Most countries, including Australia, have some treaty arrangements with other countries for the reciprocal enforcement of judgments or orders. It would perhaps be beneficial if such reciprocal enforcement agreements applied to judgments of inferior courts, where most private consumer claims are brought.
An internationally agreed mutual recognition scheme can also set out the conditions in which judgments in one contracting state will be recognised in other contracting states.
3. To what extent do existing US federal and state laws need to be reconciled with each other and with laws in other countries to provide effective protection for consumers engaged in electronic commerce with foreign businesses?
See comments under 12(f).
In Australia there has been some work done at the state and federal levels to address issues surrounding electronic contracts.
At the federal level, in December 1998 the National Office for the Information Economy released A Strategic Framework for the Information Economy.(14) The Strategic Framework document identifies ten strategic priorities for the information economy. They are:
At the state level, the Victorian Department of State Development, through its specialised agency Multimedia Victoria, has been developing legislative proposals for data protection and electronic commerce since early 1997. In June 1998 Multimedia Victoria released discussion papers entitled "Promoting Electronic Business: Electronic Commerce Framework Bill" and "Information Privacy in Victoria: Data Protection Bill". Exposure Drafts of these Bills were released in December 1998 for comment.(15)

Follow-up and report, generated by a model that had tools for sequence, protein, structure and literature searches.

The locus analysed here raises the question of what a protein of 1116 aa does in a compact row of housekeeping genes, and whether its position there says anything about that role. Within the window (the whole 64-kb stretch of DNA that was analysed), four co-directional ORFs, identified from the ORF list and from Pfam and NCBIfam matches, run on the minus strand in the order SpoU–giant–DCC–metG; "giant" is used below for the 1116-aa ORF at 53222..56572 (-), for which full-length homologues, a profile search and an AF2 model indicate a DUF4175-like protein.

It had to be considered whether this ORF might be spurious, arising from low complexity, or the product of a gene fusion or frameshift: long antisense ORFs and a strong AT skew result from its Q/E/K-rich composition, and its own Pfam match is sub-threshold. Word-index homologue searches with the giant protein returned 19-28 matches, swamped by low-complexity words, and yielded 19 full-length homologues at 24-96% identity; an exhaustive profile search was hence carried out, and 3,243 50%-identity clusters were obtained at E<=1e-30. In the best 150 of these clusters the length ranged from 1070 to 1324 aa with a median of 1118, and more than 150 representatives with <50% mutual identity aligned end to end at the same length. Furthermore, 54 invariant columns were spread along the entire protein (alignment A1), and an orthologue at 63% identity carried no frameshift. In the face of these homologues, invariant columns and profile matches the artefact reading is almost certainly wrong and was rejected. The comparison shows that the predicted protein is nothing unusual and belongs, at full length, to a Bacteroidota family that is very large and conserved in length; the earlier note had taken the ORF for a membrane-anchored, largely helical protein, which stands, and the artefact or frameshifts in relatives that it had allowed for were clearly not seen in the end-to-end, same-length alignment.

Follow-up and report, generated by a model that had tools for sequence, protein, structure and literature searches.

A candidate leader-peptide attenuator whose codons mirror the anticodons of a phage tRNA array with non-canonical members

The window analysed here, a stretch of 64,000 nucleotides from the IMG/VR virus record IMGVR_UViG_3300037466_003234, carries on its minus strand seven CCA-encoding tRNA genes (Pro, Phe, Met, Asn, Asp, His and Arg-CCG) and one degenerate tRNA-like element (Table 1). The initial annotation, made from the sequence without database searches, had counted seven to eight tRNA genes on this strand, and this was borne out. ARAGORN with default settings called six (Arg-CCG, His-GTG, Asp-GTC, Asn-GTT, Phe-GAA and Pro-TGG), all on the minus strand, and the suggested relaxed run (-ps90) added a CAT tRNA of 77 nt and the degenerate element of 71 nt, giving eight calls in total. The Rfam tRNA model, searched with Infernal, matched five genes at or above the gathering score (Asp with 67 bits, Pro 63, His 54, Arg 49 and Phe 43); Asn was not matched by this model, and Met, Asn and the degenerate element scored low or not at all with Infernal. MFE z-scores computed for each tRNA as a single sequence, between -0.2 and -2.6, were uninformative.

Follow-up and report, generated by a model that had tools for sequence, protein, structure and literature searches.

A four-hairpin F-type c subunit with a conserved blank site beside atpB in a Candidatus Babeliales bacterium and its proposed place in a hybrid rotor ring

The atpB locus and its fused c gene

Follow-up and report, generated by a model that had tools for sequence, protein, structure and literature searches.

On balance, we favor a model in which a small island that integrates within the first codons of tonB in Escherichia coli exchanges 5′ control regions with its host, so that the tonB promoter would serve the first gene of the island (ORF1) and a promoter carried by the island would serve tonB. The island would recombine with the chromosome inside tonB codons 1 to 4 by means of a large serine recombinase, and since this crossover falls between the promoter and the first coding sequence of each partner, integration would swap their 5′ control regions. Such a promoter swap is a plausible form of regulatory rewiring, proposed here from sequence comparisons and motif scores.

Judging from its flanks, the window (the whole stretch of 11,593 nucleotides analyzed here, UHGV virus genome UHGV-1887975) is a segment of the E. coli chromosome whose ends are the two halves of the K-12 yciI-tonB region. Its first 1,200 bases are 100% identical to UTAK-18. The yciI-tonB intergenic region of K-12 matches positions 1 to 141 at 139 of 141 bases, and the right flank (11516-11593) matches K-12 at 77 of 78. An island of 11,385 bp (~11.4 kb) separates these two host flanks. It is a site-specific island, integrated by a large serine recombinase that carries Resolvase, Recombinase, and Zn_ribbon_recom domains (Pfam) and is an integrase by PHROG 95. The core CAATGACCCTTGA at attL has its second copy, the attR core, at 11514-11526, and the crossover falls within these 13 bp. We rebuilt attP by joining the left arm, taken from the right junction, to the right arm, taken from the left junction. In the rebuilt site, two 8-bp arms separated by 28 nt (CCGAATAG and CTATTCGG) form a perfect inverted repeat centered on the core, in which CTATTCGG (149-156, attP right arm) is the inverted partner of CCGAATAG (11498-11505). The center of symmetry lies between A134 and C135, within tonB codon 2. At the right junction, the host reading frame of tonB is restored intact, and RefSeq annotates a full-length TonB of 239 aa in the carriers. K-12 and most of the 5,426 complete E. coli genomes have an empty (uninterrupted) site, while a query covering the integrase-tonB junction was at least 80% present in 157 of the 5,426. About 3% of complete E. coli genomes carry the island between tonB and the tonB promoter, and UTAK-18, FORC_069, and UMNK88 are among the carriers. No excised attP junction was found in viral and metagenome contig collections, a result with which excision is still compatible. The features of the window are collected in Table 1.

11. To what extent do existing laws, conventions, treaties, or practices governing contracts provide effective protection for consumers engaged in electronic commerce with foreign businesses? To what extent do they need to be modified?
In its Discussion Paper on the Electronic Commerce Framework Bill, Multimedia Victoria outlines some of the legal obstacles to electronic commerce:
The main legal obstacle to electronic commerce is the common requirement for a person's signature. The law often requires a signature for a number of purposes. These include:
In order for there to be certainty as to the legal effect of electronic transactions, it is important that an electronic process exists which can fulfil the purposes of a signature requirement to an appropriate degree.
It is clear that there are many purposes and varying consequences attached to a signature in law. Any definition of "electronic signature" which aims to create equivalence must be accurate, and contain all the necessary elements to achieve legal effect.
Strategic Priority (5) of Strategic Framework is to "Develop a legal and regulatory framework to facilitate electronic commerce". Among the proposed actions to achieve this strategic priority is the following:
At the international level, on 17 November 1998 the European Commission put forward a proposal for a Directive to establish a coherent legal framework for the development of electronic commerce within the Single Market.(16)